Alexis Nakota Sioux Nation launches journalism pilot project with CBC

High school students at Alexis Nakota Sioux Nation are being given the opportunity to become community reporters. It's part of a pilot project created by CBC Edmonton in collaboration with community leaders to give the teens the tools they need to create their own stories.
Sebastian Cardinal, Noah Alexis and Tanisha Alexis ham it up in front of their school for CBC. (CBC/Meagan Fiddler)

High school students at Alexis Nakota Sioux Nation are being given the opportunity to become community reporters. It's part of a pilot project created by CBC Edmonton in collaboration with community leaders to give the teens the tools they need to create their own stories. 

Abby Alexis, Grade 11, said she's proud of her community and is looking forward to sharing a story.
"I got really close to a lot of people and I really consider them family now," Abby Alexis said her project might focus on her experience of having to change schools to ANSN School two years ago. (CBC/Meagan Fiddler)

"I think my community is really beautiful because we have the lake and we're always having events and we have a baseball diamond and a skate park and we have an awesome school," she said. "My favourite part about my community is that we are all caring to one another and we are very welcoming to people who are new to the community."

Part of the project's aim is to show a side of the community that isn't normally reported on by the media. Abby Alexis said stories often show only the negative side.

"There are a lot of good things that aren't shared, like what goes on at this school and no one comes to see what is going on with us," she said.

Students from Grade 10 to 12 being worked with mentors to create their stories. For three days during one week in April, they were mentored by a reporter, a videojournalist, an editor and a photographer.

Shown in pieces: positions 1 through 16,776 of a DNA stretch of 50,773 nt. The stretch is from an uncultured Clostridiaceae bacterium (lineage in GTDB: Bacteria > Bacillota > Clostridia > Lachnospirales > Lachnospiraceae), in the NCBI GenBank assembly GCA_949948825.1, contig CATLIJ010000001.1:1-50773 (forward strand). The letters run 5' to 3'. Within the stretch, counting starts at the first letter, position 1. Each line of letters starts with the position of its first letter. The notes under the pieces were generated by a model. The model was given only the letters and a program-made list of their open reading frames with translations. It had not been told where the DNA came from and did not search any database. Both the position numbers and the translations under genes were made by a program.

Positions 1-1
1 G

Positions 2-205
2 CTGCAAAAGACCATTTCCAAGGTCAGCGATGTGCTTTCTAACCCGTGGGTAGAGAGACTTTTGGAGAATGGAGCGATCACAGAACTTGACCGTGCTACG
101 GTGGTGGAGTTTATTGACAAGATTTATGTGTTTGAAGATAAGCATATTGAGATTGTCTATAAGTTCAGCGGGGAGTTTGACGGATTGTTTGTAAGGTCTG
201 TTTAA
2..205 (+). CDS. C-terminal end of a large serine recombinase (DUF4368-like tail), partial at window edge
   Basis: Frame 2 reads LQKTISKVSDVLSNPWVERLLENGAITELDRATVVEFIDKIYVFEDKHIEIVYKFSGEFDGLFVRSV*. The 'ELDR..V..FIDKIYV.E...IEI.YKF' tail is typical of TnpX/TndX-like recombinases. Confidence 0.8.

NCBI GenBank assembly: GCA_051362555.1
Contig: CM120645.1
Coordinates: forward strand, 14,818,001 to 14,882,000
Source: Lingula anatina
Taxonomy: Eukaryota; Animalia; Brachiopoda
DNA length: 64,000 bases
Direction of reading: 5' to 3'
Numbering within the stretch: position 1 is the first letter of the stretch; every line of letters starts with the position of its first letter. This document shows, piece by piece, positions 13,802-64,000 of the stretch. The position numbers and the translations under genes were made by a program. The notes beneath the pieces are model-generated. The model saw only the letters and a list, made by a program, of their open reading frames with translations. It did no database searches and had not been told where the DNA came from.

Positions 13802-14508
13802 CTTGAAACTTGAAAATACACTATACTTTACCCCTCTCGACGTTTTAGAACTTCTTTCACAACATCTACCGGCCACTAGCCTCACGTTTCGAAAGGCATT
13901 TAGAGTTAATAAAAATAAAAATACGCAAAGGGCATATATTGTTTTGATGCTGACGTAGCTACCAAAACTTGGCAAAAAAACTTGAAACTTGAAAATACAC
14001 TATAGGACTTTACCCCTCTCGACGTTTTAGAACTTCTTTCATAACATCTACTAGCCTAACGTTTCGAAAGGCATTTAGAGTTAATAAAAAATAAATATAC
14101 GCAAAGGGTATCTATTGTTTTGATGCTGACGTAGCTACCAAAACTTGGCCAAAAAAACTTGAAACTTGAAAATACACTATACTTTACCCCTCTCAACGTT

Noah Alexis is in grade 11 and will potentially focus his project on the history of the residential school in the community. (CBC/Meagan Fiddler)

Once the students settle on an idea, they will have a few weeks to decide how they will tell it, through photos, video or text. The objective is to  answer one of a series of questions like, 'What makes you proud?' or 'What would you like to highlight about your community?'

Noah Alexis said having CBC bring mentors into his classroom was almost overwhelming.

"It's actually pretty amazing for them to be out here. I didn't think something like that would happen. And I'm well aware of the opportunity we have here," he said.

Noah Alexis's project will focus on one part of the community's history — a former courthouse that burned down that used to be a residential school.

Sebastian Cardinal shared his artwork with CBC while the visited Alexis Nakota Sioux Nation School. (CBC/Meagan Fiddler)

"I recall a few of our grandmothers and grandfathers used to come here and I heard a few stories of basically abuse here. I heard from one of my grandmas talking about that and their experience about coming here," he said.

Near the empty lot where that building stood is the arbour. It's were the community's pow wow is held every summer.

Sebastian Cardinal is one of two potential graduates this year. He's also the leader in the classroom. He said hundreds or people attend the pow wow from all over. But it's an event he sometimes avoids.

"Sometimes it gets crazy here and sometimes it's alright and fun but there's a lot of fighting and drinking ... bad stuff," he reflected.

There were other bad things he didn't want to talk about. Instead, he shared what happens around the arbour.

"Usually you see a lot of people smiling, having fun, dancing, enjoying the music, and making the best memories. You meet new people here every time you come," Cardinal added.
Tanisha Alexis (CBC/Meagan Fiddler)

Also a talented artist, Cardinal can usually be seen with a pencil or smudging utensil in hand. Jokingly, he said his project will have a different focus.

"Make a YouTube channel, try to get famous."

Tanisha Alexis is the other potential graduate. She is extremely motivated to complete one of the assignments they've been given. She's taken a photo of the school and community flags flying outside her classroom and has already written a full story on the importance of school, community and their customs. She also wants to publish a story about language.

"Stoney language. A lot of people call it Isga. I can write the words up to 100, I know the seasons, the months, colours, animals, food, utensils," she said.

The community's school teaches Isga. Tanisha Alexis said that's an important step in keeping the language alive.

"Because one day it could get lost and if that were to happen it would be sort of a bad thing." she said.

Sebastian Cardinal looks on in the arbour of the pow wow grounds. (CBC/Meagan Fiddler)
Project leaders from CBC will return after a few weeks to help the students finalize their stories and get them ready for potential publishing in May. The hope for CBC Edmonton is to grow and expand the project to include more First Nations going forward.

"I think it's pretty cool having them here. It's not something we get to see everyday so we should take advantage of it while it's right in front of us," Tanisha Alexis said. "Thank you for being here."